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Tony Blair: “Democracy isn't just about a way of voting, it's a way of thinking”

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At the start of UN General Assembly Week, Quartet Representative Tony Blair sat down with Matt Lauer on NBC’s Today Show to discuss the situation in the Middle East. This interview was first broadcast at 0700 ET on NBC.

-Transcript Begins - 

Matt Lauer: Former British Prime Minister Tony Blair joins us exclusively. Good to see you. Great to have you here.

Tony Blair: Thanks, Matt.

Matt Lauer: Lester Holt was reporting the insider attacks on the rise in Afghanistan, the fear that we may leave behind a situation a lot less secure than we anticipated. Does it give us a hint of what's to come after a dozen years of fighting? Could we see chaos return to Afghanistan?

Tony Blair: Well, it describes the challenge, for sure. First of all, if I may, I’d like to pay tribute though to your armed forces, to the service men and women who serve in Afghanistan and to give my deep sympathy to the families of those that have lost their loved ones there. We know what it's like from our side in Britain as well. We’ve lost over 400 soldiers in the course of the campaign in Afghanistan. And, look, it's very difficult when people see these insider attacks. They say, well, is it all worth it? I think we have to go back 11 years to realize why it is we were in Afghanistan, to realize that we actually have made our country safer as a result of this, but to understand that it's going it be an on-going and difficult struggle. It’s true that there are those who are insiders who are committing these crimes, but it's also true there are Afghan forces doing the job they should be doing.

Matt Lauer: I hate to put it on a scale of 1 to 10 question, but scale of 1 to 10, 10 being the Taliban is back in power after we leave and 1 being it's not going to happen, where is it?

Tony Blair: I don't believe they will come back in power. I think that we shouldn't underestimate the degree to which, for example, your surge, where you put some 30,000 troops into Kandahar and Helmand, which are the most difficult provinces, actually they have had an impact. You know, what we're engaged in in Afghanistan is a struggle in which there will be people that will carry on trying to do their very worst to disrupt the progress  of that country, but it's important to understand that there are also Afghans fighting on our side.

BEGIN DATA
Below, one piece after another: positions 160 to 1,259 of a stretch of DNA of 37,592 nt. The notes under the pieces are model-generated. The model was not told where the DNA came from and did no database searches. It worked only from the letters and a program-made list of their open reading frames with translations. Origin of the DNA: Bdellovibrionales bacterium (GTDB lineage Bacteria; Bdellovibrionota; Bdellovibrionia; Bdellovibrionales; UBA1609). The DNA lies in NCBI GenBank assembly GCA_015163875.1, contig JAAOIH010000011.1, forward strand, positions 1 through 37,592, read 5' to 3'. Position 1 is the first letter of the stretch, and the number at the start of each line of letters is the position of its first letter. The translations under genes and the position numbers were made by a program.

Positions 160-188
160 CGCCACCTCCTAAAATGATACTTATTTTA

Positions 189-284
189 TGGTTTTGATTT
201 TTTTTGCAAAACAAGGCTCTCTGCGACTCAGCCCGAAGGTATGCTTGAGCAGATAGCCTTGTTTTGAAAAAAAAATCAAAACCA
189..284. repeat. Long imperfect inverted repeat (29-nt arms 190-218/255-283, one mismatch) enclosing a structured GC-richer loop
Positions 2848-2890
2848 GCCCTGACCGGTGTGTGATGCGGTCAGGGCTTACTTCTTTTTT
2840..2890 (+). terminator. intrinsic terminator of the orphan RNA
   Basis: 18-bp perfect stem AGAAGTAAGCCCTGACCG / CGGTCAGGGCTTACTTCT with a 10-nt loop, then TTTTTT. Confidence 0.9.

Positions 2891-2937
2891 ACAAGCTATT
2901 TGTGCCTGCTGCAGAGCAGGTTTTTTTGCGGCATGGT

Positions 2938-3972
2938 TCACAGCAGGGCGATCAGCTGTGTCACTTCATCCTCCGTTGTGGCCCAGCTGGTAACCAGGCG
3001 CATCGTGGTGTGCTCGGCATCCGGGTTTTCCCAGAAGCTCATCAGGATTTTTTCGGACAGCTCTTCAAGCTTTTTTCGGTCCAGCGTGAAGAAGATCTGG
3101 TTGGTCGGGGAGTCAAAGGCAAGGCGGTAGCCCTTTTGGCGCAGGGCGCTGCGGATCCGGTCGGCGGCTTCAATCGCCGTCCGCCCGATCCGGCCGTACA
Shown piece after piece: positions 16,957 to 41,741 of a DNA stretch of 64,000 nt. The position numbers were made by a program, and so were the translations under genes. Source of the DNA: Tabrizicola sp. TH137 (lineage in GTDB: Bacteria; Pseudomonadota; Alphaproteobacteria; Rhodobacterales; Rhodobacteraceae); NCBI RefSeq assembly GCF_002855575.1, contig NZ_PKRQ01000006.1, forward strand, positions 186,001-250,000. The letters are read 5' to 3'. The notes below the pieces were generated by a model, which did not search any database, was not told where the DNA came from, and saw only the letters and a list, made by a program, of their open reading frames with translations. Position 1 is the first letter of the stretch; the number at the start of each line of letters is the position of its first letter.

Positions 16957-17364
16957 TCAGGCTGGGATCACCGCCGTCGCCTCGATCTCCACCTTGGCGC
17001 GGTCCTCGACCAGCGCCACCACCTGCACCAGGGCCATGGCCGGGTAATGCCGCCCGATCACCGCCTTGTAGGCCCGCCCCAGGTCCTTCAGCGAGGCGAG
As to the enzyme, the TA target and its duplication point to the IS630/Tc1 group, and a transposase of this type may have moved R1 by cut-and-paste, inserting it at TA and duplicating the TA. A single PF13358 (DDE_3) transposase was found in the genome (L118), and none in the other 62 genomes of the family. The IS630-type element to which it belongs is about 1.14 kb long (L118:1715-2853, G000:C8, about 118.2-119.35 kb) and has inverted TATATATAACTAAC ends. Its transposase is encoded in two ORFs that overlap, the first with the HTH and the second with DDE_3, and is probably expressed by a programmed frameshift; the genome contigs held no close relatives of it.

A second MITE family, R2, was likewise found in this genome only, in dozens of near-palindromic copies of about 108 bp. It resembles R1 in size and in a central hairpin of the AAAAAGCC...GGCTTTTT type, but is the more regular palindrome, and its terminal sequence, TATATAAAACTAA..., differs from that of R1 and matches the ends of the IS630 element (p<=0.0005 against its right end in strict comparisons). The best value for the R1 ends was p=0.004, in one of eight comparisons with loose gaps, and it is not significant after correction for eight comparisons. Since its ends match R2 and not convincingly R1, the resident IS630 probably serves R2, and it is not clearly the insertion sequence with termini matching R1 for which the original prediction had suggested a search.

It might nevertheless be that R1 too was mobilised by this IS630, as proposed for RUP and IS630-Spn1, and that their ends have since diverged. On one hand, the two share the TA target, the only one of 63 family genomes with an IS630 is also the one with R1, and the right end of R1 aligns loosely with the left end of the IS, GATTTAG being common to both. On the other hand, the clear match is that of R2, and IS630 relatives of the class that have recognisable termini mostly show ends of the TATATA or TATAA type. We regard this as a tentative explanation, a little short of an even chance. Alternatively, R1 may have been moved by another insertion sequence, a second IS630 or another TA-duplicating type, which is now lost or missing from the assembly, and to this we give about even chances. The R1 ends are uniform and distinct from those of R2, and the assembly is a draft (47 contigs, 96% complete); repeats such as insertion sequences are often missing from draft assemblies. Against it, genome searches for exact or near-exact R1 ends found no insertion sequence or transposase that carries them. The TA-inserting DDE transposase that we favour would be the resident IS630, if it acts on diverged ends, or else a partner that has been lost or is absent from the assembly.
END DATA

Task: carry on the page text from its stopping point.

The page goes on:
Matt Lauer: Let me ask you about things, the images we've seen around the world, in the Middle East, the Horn of Africa over the last several of weeks, protests against the United States. What is behind what seems to be this new wave of anti-Americanism, in your opinion?

Tony Blair: Well, I think, you know, if I can say one thing about America and the way it's viewed in this part of the world. I’ve just come back from my 88th visit to the Middle East since leaving office. If I were you in America, I would not worry about being loved. That’s not your role in the world, right? Your role is to be strong and you are strong. What you have to understand in all of these circumstances, there are two groups struggling for what's going on in the world. so it’s true You have anti-American protesters burning the flag, saying terrible things, trying to kill American people and you also have in Libya, for example, after the tragic death of your ambassador there, thousands of people coming out protesting against the killers and demanding action taken against them. So, you know, in the end, you've got to see this as a long struggle in which we've got to be on the side of the decent people, and there are decent people out there.

Matt Lauer: But we do worry what the result of the Arab spring for example has been. Mohamed Morsi, the new president of Egypt, gave an interview in advance of him coming to New York this week, and he said this: by backing dictatorial governments in the past, the quote, “successive American administrations essentially purchased with American taxpayer money the dislike, if not the hatred, of the peoples of the region”. How do you feel about that?

Tony Blair: Well, I feel about that that, you know, actually most of the governments of the world dealt with, for example, President Mubarak in Egypt and by the way for perfectly sensible reasons, my government did as well. Look, again, what you will find in all of these countries is they have thrown off a lot of these repressive dictatorships, but they are now having to learn that democracy isn't about just a way of voting, it's a way of thinking, you know, and if they want to make progress, we've got to help them but also challenge them to realize that the test of a democracy is not just how the majority win but how they then treat the minority, how they treat, for example, people of different religious faiths to their own.

Matt Lauer: I want to just end on a question that's near and dear to your heart. You’re here for climate week as well. We’ve had a crazy year in this country of extreme weather. Are you seeing around the world the kind of motivation and will that's necessary to, A) admit that there's a problem and then address the problem?

Tony Blair: Well, not enough frankly. I mean, I think we've go the to be very clear about this. I know we've got all these economic problems to deal with, but this climate issue is real, and we are very irresponsible for future generations if we don't deal with it and we should recover a sense of urgency about it. 

Matt Lauer: I hope we will. Former British Prime Minister Tony Blair, always nice to have you in New York.  Always nice when you stop by.

Tony Blair: Thank you.